4.) Understand that most of the patients are helplessly messed up. Do your best, but don't take it personally when they deteriorate. There are a few miracles here and there, but they are far and few between. But it's so cool when they happen!
5.) Learn everything. Simple enough right? Always carry a little notebook and scribble anything you don't know about. Either as for clarification immediately or go to the computer and look things up. Get the Joanne Hickey book and read it well, take advantage of any neuro learning opportunities at your hospital like traumatic brain injuries seminars and whatnot.
6.) If you are unfamiliar with any of the machinery, go to the manufacturer's website and read up on it. Things like EVDs, Caminos, lumbar drains, ICP monitors, VAMPs, Flotracks, etc. can all be googled and read up on. There's really no substitution for just touching it all yourself and doing it, but you can practice with them once they've been removed from the patients. Practice setting them up.
7.) Be humble. I can't tell you how many times this has saved me. Most people are scared of new grads in the ICU because they think we are pompous and think we know everything. Show them that you're interested in learning and they'll love you.
My last bit of advice is to enjoy it. You only get to be new once, so take advantage of your orientation. See as many procedures and brain surgeries as possible. Try to get the most complicated patients because your preceptor will always have your back. Go for the unstable patient with increased ICPs in a pentobarb coma with continuous EEG and 7-8 drips. You won't get to have that much fun again in a long time, so take advantage of it!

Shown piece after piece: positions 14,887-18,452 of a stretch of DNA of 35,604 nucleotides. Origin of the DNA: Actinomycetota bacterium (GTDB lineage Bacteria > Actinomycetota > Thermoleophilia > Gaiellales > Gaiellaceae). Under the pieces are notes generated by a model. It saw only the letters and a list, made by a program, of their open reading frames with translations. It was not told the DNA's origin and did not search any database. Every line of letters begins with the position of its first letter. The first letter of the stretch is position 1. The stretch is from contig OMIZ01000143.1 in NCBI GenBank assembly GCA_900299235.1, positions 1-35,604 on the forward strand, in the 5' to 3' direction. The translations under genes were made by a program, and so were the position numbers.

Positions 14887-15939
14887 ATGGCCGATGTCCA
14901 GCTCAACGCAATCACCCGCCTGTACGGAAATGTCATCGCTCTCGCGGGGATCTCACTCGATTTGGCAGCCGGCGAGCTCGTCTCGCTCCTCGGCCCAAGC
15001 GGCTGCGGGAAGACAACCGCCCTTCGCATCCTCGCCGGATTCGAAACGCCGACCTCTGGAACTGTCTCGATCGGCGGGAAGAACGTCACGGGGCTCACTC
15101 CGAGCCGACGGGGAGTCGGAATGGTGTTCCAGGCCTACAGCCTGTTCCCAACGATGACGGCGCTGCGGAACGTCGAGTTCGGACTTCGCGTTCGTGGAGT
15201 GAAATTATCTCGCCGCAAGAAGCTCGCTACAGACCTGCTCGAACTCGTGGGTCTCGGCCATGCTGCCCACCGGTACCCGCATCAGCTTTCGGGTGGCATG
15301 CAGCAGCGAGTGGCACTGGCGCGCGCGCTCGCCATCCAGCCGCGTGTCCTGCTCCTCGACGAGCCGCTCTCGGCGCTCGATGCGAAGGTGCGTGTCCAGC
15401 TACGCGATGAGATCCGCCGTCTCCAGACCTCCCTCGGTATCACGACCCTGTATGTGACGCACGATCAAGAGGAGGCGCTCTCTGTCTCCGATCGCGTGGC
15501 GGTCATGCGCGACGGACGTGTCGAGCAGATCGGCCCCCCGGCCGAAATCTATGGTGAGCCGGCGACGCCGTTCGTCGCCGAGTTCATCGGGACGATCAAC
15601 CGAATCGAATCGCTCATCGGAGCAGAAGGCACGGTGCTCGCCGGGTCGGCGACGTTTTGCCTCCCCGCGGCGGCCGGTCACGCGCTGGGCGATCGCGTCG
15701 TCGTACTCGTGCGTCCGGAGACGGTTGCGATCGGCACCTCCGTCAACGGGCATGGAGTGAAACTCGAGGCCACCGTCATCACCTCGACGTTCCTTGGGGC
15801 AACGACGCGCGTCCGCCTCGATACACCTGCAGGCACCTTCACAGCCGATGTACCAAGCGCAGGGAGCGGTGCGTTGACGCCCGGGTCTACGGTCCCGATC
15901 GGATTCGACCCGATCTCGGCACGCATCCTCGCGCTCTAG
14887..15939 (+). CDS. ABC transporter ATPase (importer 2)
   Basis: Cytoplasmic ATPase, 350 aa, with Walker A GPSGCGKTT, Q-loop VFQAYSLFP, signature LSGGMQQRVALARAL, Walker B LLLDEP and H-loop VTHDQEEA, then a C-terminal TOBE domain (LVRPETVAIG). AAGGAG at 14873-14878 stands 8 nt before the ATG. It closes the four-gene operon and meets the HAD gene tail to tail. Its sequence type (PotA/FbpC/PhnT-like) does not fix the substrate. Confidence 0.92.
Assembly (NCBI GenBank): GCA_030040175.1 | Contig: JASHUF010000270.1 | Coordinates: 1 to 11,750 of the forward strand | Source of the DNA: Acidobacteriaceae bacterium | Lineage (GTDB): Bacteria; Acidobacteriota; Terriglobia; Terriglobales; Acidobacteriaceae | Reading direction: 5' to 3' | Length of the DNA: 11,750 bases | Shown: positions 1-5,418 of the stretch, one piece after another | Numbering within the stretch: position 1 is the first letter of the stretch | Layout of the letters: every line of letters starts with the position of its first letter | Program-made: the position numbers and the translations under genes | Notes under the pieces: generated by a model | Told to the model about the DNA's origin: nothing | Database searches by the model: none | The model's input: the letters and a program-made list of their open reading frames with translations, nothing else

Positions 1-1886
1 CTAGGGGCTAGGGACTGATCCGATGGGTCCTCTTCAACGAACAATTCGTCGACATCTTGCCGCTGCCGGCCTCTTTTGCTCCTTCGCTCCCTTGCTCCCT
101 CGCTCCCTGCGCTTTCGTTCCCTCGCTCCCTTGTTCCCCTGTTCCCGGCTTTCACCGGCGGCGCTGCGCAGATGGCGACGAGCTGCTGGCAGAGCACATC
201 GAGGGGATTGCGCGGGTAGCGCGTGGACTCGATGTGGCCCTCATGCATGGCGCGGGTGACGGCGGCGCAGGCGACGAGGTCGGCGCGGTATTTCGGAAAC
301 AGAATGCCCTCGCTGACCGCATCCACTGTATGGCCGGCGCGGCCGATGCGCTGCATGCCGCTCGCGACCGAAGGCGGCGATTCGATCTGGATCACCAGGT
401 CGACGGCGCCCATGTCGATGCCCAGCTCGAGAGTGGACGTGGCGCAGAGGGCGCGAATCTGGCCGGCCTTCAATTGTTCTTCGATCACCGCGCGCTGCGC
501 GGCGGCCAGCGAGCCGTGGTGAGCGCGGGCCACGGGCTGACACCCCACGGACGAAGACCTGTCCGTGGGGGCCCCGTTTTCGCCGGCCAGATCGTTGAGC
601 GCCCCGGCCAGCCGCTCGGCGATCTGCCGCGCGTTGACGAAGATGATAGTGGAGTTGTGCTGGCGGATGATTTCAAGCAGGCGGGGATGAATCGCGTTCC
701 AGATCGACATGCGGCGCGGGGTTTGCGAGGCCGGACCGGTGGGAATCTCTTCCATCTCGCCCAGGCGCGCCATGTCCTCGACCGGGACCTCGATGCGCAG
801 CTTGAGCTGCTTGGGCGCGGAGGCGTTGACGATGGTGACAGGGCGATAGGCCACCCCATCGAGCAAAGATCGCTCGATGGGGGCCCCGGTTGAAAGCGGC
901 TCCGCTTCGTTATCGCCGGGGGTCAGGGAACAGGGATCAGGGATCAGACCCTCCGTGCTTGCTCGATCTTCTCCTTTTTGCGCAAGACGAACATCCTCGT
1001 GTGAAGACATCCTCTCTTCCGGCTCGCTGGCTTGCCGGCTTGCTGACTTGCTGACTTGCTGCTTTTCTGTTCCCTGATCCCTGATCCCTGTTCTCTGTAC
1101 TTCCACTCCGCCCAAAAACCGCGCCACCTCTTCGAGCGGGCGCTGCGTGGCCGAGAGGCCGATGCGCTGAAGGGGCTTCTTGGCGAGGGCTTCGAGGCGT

Wow okay, that was long-winded. If you have any specific questions, private message me. Welcome to the neuro ICU, it's gonna be one hell of a ride!
- Jan 26, '11 by paolountalan26Hi,
I just got an offer to work at the Neuro-ICU Unit last Monday. I am a new grad nurse so I'm excited but anxious that I will go straight to the ICU. What topics, procedure, medications or things I should read in advance??? I want to prepared as much as I can.
Thank You All and God Bless!
- Jan 26, '11 by paolountalan26Hi,
Also, can someone here give me a good book that I can read????